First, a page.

Month: June 2014

N&CCC in sound financial position

The Newtown and Chilwell Cricket Club remains in a sound financial position and stands ready for the next stage of strategic development, according to Treasurer Mark Ainsworth.

At the AGM, Mark reported a trading profit of $4?,?418 on a turnover of $134.111. “Club revenues rose slightly on the previous year,” the Treasurer said. “The club is very thankful for the donations made, and for the ongoing support of our sponsors. “I cannot stress enough how important it is for our members to support our sponsors. “Their sponsorship help keep down the membership fees making playing the game of cricket more and more accessible to people of all ages.”

Club president Phil Morgan welcomed his Treasurer’s report. “Mark watches over our finances like a hawk,” the President said. “For me, and for the whole club, it is fantastic to have his regular itemised accounts of how we’re tracking against budget. “It’s all part of running a professional club, but in Mark, we have someone who is more professional than most. “While we are proud of the facilities we already have – our clubrooms, our practice nets, the sight screens and so on – there is much more we can do to ensure we provide our members and players with the best support we can so they can get the best out of themselves.”

Both and President and Treasurer warned that next season will also be its financial challenges. “We need to keep increasing our revenues whether it is from sponsorships, memberships, major events and so on” Mark Ainsworth said. “We also always need to be prudent with our spending. “If we do all those things, we will continue to be a highly financial viable club. “But it’s an all of club challenge, not just something for the committee to be responsible for.”

Two Blue New Life Members

2 x Life Members 2014 sml
The Newtown and Chilwell Cricket Club welcomed two new life members at its Annual General Meeting on June 10th.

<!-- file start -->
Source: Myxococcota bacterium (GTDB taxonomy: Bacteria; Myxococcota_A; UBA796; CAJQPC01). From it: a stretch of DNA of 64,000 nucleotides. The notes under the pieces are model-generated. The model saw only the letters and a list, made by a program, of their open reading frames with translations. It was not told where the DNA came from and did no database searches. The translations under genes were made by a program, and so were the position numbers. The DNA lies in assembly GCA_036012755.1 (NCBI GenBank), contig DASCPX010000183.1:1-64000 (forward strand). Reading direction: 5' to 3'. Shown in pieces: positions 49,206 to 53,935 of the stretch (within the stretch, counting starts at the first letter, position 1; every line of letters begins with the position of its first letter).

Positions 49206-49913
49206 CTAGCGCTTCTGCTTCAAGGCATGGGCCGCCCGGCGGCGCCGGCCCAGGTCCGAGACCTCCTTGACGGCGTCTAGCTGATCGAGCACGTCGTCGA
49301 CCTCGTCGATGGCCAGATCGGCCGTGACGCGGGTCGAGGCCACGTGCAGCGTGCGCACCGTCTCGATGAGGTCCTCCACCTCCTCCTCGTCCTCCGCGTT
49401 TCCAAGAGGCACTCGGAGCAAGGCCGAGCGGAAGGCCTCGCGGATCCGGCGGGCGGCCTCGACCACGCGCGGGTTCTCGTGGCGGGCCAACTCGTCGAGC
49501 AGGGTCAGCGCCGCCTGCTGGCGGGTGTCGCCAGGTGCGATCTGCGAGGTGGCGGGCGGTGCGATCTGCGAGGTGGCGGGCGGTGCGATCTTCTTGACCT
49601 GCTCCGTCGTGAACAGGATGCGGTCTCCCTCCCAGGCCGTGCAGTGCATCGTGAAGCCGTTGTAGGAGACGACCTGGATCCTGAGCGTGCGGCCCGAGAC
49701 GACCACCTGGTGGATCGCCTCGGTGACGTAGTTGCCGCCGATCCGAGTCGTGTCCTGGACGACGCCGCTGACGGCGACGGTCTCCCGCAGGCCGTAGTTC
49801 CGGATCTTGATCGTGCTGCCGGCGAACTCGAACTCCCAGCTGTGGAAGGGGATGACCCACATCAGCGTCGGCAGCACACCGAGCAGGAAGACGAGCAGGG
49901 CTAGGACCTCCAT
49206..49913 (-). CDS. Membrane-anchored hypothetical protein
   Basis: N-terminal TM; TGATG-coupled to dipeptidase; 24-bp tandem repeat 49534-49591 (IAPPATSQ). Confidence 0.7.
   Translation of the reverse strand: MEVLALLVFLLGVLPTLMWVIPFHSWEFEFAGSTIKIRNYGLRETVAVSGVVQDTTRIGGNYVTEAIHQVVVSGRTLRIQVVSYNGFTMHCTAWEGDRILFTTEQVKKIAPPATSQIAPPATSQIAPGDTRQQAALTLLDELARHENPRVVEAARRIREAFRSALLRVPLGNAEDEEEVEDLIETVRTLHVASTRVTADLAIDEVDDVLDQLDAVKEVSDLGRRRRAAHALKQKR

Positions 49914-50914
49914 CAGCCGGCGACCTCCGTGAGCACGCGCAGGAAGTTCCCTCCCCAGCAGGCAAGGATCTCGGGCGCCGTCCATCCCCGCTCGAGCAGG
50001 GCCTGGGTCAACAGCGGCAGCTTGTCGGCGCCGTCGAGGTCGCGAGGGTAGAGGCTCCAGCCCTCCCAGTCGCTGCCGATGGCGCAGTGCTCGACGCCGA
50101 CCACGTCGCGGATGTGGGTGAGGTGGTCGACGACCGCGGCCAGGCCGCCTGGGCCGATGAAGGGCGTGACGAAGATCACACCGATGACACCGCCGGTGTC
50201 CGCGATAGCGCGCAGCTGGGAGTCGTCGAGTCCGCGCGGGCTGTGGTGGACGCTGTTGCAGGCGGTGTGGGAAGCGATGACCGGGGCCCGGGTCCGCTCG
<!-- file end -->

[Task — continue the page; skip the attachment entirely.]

Neville Crane nominated Mark Turnley, that motion seconded by David Murray and passed unanimously. Then in a surprise movie, Graeme Chisholm took the floor. “I am not going to beat around the bush on this,” he said. “I am going to nominate Phil Morgan. “The President had been sounded out about life membership in recent weeks but declined the honour. Chissa and a few others weren’t having that, Chissa perhaps because his own career is so inter-twined with Morgo’s, that it afforded him the opportunity revisit some shared finest moments. “But it’s not about me,” Chissa added with a wry grin. “It’s about Morgo.”

Anthony Devlin also spoke in support of Morgo’s elevation, which he accepted in his usual self-deprecating way. “I have enjoyed a lot of wonderful moments at this club, learning from a lot of fantastic people,” he said. “At a certain stage in your life your begin to reflect on those, and then consider the ways in which you might offer new generations the chance to enjoy all the things that I have.”

Mark Turnley, like Morgo a premiership captain on the hard wickets, and also a Trojan for the club’s junior cricket programs, said he was humbled to accept the honour. “As Greg Wells said at the Centenary Dinner, it is all about the club,” he said. “I am humbled to be among some of the names up there on the honour board, humbled and extremely grateful.” Mark Turnley is the club’s 40th life, Morgo the 41st.

The club also honoured Jason Thiele’s Under 13 side which was the club’s only premiership team in the 2013/2104 summer. His youngsters are featured on the front cover of the fabled Barnso’s Bible, the club’s year book. “It is highly appropriate that we put them on the cover, and feature them across the season in our other publication,” Phil Morgan said. “These boys are the future of our club. “I started out at about their age with people like Specs and Twads, and we’re still here. “In 20 years time I want those blokes to be sitting in the rooms after a hard day of senior cricket and reflecting on this premiership, and the fact that they featured on the front cover of Barnso’s Bible. “It’s all part of our ‘one club’ approach, whether you’re in the Have A Go program, a junior player, on hard wicket or on turf, you’re part of this really special thing, as Turtle reminded us … this club, our club.”